We take our mission seriously: “To strengthen the local economy and help our communities thrive.” And to keep us on track with that mission, we created an editorial mantra: “Big Issues, Useful, Unique, Accessible.” Let me walk you through those four elements.
We address Hawai‘i’s biggest concerns in-depth and this issue is a good example. Beverly Creamer lets advocates for each side make their case in “Jones Act: Pro and Con”. Shipping is an important issue for Hawai‘i and worth re-exploring regularly as world and local conditions change, and especially as the number and intensity of hurricanes and tropical storms slowly climb in the Central Pacific over the years.
Noelle Fujii-Oride looks at different approaches that could provide homes for more of the 28,000 Native Hawaiians on the waiting list for homestead lots.
The waiting list is not just a big issue for Hawaiians: Anytime someone moves onto a homestead lot, the home where they had been living usually becomes available to someone else – each a single small step in reducing our housing shortage. However, if the Department of Hawaiian Home Lands continues on its same path, it will be a century before everyone on the waiting list gets a lot.
The DHHL article highlights a couple of ways we like to report on big issues. When issues are too big for a single article – even an in-depth one – we focus on one important part of the issue.
The second way goes beyond just reporting on problems; we also want to describe possible solutions. Not our solutions but solutions offered by credible voices in the community or solutions tried elsewhere that seem to have had some success. That’s part of how Hawaii Business Magazine makes itself useful to our communities.
In most of the CHANGE reports we published monthly from February to July, we ended with a section on “How You Can Help.” That recognizes we all can play a role in problems as wide-ranging as education, struggling working families and climate change.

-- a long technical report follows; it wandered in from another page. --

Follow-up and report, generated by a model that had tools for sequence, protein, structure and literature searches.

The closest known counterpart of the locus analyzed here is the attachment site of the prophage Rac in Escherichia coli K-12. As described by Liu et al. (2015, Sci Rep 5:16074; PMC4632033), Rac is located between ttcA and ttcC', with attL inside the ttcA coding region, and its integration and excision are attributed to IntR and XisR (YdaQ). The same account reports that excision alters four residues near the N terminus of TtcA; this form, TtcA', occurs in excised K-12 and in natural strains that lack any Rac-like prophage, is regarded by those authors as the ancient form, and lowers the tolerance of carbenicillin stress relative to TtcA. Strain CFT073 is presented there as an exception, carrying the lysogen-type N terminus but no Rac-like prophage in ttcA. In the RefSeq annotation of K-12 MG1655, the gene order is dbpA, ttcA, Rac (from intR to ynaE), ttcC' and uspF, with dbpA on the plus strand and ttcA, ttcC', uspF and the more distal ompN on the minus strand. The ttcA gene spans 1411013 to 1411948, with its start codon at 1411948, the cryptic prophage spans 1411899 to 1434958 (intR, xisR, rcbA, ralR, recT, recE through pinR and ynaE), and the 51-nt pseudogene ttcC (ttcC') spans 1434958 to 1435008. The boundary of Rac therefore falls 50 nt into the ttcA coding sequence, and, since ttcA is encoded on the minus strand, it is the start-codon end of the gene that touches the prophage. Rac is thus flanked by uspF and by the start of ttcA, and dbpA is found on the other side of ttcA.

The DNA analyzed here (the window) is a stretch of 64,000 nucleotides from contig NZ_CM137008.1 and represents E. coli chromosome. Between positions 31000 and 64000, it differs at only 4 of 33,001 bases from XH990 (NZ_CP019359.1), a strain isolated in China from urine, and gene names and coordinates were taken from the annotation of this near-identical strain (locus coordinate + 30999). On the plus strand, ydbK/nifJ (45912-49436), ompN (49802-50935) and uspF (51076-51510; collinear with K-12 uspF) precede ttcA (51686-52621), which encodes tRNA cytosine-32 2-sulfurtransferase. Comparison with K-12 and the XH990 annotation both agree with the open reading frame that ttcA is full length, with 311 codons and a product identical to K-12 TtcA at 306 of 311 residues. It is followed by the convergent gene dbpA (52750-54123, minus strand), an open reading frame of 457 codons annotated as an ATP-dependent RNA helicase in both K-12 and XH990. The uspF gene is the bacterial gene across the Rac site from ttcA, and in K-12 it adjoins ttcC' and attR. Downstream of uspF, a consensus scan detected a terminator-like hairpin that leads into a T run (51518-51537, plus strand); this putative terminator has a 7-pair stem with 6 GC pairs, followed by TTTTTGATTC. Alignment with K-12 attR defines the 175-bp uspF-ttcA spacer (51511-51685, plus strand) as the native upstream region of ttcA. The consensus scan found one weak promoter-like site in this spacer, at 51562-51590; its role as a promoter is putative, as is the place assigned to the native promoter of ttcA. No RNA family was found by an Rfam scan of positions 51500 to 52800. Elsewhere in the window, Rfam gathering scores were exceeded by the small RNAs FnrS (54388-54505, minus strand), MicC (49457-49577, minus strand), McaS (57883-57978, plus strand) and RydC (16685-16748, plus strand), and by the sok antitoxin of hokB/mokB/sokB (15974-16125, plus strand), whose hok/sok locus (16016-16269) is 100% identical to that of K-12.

We also like to report on innovations that address major issues. In this month’s Inside Startup Paradise column, Katarina Matayoshi, a member of the team at Sultan Ventures, reports on carbon-infused concrete. It’s an innovation designed to counter construction’s contribution to carbon emissions and climate change.
We also like being useful to our readers in smaller ways. This issue offers useful advice on making a good first impression at a new job, dealing with difficult colleagues and understanding bonding – not a sexy topic but an important one if you are in the construction business or want to hire a contractor. And it’s clearly explained for the novice on up.
The third element in our editorial mantra is “unique.” There a million stories to cover in Hawai‘i – why cover stories some other media outlets are covering well? So we aim for angles that other media have glossed over or that have not been explored in a while. Sometimes, though, we tackle a big issue even if it has been covered well by others simply because we feel our contribution will be valuable.
The final element in our mantra is “accessible.” That means we want to engage you with our stories. To do that they have to be well-written and tight, creatively designed and enhanced by good pictures, illustrations and infographics. After all, if you aren’t reading our stories, we can’t fulfill our mission. And like I said, we take our mission seriously.